Just a note on the construction of the example Francesco mentioned, since in my opinion it is very instructive.

Let $X$ be either the Veronese surface or a rational quartic scroll in $\mathbb P^5$. In the first case, it is $\mathbb P^2$ embedded via the global sections of $\mathscr O_{\mathbb P^2}(2)$ and in the second case it is $\mathbb P^1\times \mathbb P^1$ embedded via the global sections of $\mathscr O_{\mathbb P^1\times \mathbb P^1}(2,1)$. In both cases you get a degree $4$ surface in $\mathbb P^5$ and hence a general hyperplane section of both gives you a rational quartic curve in $\mathbb P^4$, let's call it $C$.

So, the projective cone over $X$ in $\mathbb P^5$ has two different significant hyperplane sections: If the hyperplane misses the vertex, then the section is a copy of $X$ and if it goes through the vertex and is general among those, then it is a projective cone over $C$, let's call that $Y$.

It is easy to see that the different hyperplane sections are deformations of each other, so this way you get a family with general fiber $X$ and special fiber $Y$. Clearly, for the two different choices of $X$ the two corresponding families can't both be $\mathbb Q$-Gorenstein deformations, since
$$9=K_{\mathbb P^2}^2 \neq K_{\mathbb P^1\times \mathbb P^1}^2=8,$$
and as Francesco explained the cone over the quartic has $K^2=9$, so it is the quartic scroll who is the culprit and the reason for this issue is that the canonical of the scroll and the hyperplane class are incomparable, and hence the canonical of the total space is not going to be a torsion in the local class group which is what makes the (relative) canoncial not $\mathbb Q$-Cartier at the vertex.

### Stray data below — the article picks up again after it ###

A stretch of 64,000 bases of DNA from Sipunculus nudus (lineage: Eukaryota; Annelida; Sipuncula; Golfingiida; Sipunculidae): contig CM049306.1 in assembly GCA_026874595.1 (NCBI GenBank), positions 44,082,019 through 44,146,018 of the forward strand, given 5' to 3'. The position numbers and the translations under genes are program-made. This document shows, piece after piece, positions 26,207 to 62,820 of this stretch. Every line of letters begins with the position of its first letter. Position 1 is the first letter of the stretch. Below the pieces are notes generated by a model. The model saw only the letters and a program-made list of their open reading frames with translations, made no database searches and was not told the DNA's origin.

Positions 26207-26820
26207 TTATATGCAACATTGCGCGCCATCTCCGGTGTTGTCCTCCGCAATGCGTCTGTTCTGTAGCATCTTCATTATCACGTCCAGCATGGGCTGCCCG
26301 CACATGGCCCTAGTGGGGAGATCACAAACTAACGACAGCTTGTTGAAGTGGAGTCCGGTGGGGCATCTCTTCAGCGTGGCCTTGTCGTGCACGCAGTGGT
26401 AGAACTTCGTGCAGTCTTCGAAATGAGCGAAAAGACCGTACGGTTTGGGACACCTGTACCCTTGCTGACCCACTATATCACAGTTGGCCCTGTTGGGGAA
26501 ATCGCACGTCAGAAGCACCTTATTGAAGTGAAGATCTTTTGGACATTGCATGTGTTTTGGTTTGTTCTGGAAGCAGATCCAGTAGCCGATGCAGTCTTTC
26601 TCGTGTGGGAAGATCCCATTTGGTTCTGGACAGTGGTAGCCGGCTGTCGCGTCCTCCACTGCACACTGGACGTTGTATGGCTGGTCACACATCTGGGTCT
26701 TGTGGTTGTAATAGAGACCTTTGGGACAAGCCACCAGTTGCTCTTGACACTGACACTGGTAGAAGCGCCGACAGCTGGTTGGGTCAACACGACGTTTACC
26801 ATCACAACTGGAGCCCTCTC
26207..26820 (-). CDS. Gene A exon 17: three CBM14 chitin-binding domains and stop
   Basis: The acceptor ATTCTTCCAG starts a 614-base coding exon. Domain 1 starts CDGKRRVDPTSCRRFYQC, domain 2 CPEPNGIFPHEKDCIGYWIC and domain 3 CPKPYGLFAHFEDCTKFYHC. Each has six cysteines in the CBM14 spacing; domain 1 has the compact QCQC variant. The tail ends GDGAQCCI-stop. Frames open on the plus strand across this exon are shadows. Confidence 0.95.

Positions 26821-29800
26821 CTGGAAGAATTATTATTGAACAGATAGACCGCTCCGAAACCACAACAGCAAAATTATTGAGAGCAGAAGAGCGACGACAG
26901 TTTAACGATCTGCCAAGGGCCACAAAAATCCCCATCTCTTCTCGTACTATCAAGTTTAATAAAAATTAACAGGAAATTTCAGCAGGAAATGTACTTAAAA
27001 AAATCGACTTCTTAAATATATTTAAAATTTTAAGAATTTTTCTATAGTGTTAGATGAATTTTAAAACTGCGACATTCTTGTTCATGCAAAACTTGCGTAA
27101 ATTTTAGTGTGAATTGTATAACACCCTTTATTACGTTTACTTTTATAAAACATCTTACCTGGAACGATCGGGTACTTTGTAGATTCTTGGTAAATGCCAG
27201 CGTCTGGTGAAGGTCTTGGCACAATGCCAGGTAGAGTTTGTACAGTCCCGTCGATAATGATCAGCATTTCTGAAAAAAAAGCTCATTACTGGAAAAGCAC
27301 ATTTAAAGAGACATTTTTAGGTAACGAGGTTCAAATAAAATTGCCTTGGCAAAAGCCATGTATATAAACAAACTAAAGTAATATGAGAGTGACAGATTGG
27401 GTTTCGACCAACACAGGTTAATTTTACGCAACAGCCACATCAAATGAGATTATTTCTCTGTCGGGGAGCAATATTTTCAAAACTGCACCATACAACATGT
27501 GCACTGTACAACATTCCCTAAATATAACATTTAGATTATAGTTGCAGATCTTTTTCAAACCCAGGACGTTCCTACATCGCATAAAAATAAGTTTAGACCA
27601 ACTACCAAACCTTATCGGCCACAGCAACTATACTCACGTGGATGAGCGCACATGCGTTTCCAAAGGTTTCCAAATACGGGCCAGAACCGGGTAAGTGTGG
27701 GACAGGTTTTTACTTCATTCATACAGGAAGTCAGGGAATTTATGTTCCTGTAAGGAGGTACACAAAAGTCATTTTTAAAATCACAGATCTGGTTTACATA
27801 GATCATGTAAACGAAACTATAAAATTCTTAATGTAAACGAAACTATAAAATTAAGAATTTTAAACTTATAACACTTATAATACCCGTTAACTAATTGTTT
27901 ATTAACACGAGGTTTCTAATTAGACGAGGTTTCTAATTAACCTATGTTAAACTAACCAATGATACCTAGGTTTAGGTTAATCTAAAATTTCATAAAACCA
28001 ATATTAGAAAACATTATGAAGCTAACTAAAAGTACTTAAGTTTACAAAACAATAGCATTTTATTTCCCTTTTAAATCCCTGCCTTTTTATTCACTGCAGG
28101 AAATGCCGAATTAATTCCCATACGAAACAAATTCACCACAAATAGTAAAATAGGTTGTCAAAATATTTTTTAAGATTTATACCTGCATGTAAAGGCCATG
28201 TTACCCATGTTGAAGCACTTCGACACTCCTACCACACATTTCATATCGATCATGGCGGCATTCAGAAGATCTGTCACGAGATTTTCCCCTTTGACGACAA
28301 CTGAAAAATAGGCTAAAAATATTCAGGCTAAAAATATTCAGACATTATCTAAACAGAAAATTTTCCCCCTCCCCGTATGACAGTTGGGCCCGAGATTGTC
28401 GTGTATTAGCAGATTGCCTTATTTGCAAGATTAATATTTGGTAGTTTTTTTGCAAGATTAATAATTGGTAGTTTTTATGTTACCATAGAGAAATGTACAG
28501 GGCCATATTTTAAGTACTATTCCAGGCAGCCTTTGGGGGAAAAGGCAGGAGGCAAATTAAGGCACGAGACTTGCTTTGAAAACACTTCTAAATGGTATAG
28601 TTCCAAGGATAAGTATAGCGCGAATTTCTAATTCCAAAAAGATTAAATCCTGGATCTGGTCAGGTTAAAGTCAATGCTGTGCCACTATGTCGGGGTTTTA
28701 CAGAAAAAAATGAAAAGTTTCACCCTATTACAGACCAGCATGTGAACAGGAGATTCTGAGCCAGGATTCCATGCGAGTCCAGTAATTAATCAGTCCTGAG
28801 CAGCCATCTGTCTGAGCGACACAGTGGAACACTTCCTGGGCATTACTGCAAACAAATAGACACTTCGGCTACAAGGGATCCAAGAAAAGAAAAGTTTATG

The importance of this example is that it explains an interesting phenomenon in the moduli theory of canonically polarized varieties of dimension at least $2$ (as opposed to curves). While stable curves are Gorenstein and hence any family of stable curves is automatically Gorenstein (not just $\mathbb Q$-Gorenstein), the same is not true for surfaces and higher dimensional varieties.

This means that a *stable family* in dimensions at least $2$ is not simply a *family of stable objects*, but has an additional condition about the compatibility of the canonical polarizations. There are actually more intriguing issues that come up, but let me not write a book here, so if you want to know more about this check out the following references.

The last paper by Altmann and Kollár is actually a major (very recent) breakthrough in this question, resolving an open problem that has baffled many people in the last 25 years. In particular, from their work it follows that even just asking that a stable family be $\mathbb Q$-Gorenstein, one needs to assume something known as "Kollár's condition". Well, Altmann and Kollár call it "qG-deformation", but everyone else calls it "Kollár's condition". You can read about the difference between Viehweg's functor and Kollár's functor in the first two references, and see that in both of them the status is reported as unknown whether those two functors are really different in characteristic $0$, but now due the [AK16] we know they are.

Hacon, Christopher D.; Kovács, Sándor J. Classification of higher dimensional algebraic varieties. Oberwolfach Seminars, 41. Birkhäuser Verlag, Basel, 2010. x+208 pp. ISBN: 978-3-0346-0289-1

Kovács, Sándor J. Young person's guide to moduli of higher dimensional varieties. Algebraic geometry—Seattle 2005. Part 2, 711–743, Proc. Sympos. Pure Math., 80, Part 2, Amer. Math. Soc., Providence, RI, 2009.

Klaus Altmann, János Kollár; The dualizing sheaf on first-order deformations of toric surface singularities, arXiv:1601.07805 [math.AG]